English Idioms

East, Easter, easterly, eastern

Happy Easter! What does Easter have to do with east?


  • Now it feels good! Thank you. I caught it.
  • Oh, it's very complicated to follow your thoughts.
    Why should the east be assosiated with the spring? In the east, Russia e.g. they have minus twenty degrees now, whereas in Spain or France, they have more than twenty degrees plus now, the spring therefore begins in the southwest of Europe.
  • Happy Easter! What does Easter have to do with east?
  • Eastern : east earn : a lot of money from east... joking of course !
  • Ok, I know, this doesn't answer the original question.

    The East is, due the rotation of the Earth around it's axis, the place of sunrise. As a result, at every location of Earth people see the Sun rising in the East. It is as simple as that. (baffling for the non-scientific mind it might be that in Far East people are under the impression the Sun rises in America or somwehere in the Pacific Ocean).

    Sunrise is considered a symbol of awakening life and especially for Christian of resurrection, and the Old Germanic word for the place of sunrise, the East, was therefore chosen for the name for the "anniversary" of Jesus believed ressurection.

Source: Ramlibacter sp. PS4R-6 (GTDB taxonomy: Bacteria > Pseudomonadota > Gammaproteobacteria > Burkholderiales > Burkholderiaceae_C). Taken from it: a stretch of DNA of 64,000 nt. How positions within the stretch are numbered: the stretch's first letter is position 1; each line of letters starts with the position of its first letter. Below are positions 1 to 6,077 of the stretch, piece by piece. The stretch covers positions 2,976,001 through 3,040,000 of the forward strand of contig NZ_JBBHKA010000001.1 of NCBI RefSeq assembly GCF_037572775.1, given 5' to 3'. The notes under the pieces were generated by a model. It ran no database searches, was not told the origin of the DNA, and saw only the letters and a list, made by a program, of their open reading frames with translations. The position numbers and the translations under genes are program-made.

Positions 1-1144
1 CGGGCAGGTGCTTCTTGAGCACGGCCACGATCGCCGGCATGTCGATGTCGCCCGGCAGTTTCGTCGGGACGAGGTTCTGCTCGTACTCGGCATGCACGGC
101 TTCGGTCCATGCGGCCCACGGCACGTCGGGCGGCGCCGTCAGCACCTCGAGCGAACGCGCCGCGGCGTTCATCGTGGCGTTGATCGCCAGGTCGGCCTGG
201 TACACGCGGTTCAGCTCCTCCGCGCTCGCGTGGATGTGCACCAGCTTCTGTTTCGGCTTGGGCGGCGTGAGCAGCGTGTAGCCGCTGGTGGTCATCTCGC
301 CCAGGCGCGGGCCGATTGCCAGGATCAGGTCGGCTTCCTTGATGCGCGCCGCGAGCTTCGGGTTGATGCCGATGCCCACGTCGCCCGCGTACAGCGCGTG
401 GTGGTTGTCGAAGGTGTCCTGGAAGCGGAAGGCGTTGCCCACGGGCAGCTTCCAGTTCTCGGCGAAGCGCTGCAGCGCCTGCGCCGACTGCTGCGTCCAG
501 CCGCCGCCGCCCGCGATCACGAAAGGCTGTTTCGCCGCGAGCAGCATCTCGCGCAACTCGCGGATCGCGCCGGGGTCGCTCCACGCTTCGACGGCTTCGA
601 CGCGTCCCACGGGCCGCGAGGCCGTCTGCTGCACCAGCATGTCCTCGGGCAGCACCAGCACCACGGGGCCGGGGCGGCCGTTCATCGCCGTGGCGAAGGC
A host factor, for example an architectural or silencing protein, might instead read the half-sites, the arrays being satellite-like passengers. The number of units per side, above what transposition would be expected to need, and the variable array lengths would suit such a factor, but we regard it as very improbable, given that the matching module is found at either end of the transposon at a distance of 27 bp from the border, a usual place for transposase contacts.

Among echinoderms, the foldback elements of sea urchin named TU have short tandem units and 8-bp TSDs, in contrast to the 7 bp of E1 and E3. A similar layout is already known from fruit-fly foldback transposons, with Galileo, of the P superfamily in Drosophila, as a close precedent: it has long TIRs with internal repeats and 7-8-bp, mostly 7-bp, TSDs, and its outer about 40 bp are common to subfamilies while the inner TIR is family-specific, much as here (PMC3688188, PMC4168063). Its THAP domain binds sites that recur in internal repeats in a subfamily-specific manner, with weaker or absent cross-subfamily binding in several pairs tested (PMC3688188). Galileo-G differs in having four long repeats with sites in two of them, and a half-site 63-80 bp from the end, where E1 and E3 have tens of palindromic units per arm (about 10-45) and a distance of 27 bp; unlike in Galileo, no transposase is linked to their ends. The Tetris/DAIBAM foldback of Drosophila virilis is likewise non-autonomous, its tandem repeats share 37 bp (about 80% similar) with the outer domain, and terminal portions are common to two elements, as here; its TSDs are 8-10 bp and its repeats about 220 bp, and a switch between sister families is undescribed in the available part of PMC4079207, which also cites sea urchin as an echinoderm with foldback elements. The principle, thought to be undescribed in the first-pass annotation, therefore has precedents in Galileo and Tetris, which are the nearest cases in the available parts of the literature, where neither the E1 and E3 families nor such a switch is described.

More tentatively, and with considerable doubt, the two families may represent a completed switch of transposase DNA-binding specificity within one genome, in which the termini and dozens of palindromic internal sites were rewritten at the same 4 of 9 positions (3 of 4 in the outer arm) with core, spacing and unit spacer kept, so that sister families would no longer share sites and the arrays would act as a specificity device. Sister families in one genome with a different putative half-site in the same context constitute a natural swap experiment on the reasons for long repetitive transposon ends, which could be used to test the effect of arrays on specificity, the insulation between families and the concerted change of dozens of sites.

• Sorry, "Easter", not "Eastern"
  • Even Jesus had no idea that one of these days people all over the world would celebrate his believed resurrection on a Sunday in spring, called "Eastern". No idea at all. And he would be totally dumfounded having to learn that people celebrate his birthday on 24th of Dezember, the Celtic pagan celebration of solstice.

    This is all on account of ancient Romans, accommodatiing the Teuton tribes by assigning Christian holy days to so-called "pagan" celebrations, in order to proselytise them toward Christian faith and therefore attaining might and influence. Taming the German tribes of those days was no easy task, but they succeeded, save a little, recalcitrant und intrepid village in back then Gaul.
  • Up until today as you posted your question, Fugendichter, I thought it was about the 'east' associated to the 'spring', as a Christian hero is reputed to have 'sprung' from his grave.

    Now that I checked in dictionaries, it seems that both words have nothing but four letters in common. The word comes either from a teutonic goddess going by the name of Eostre, or a prehistoric pagan spring festival (we should go through the Old High German to learn more). Anyway we have to praise your country for getting a Easter vacation. (Given the way your name sounds, Fugendichter, I guess your are from Germany.)

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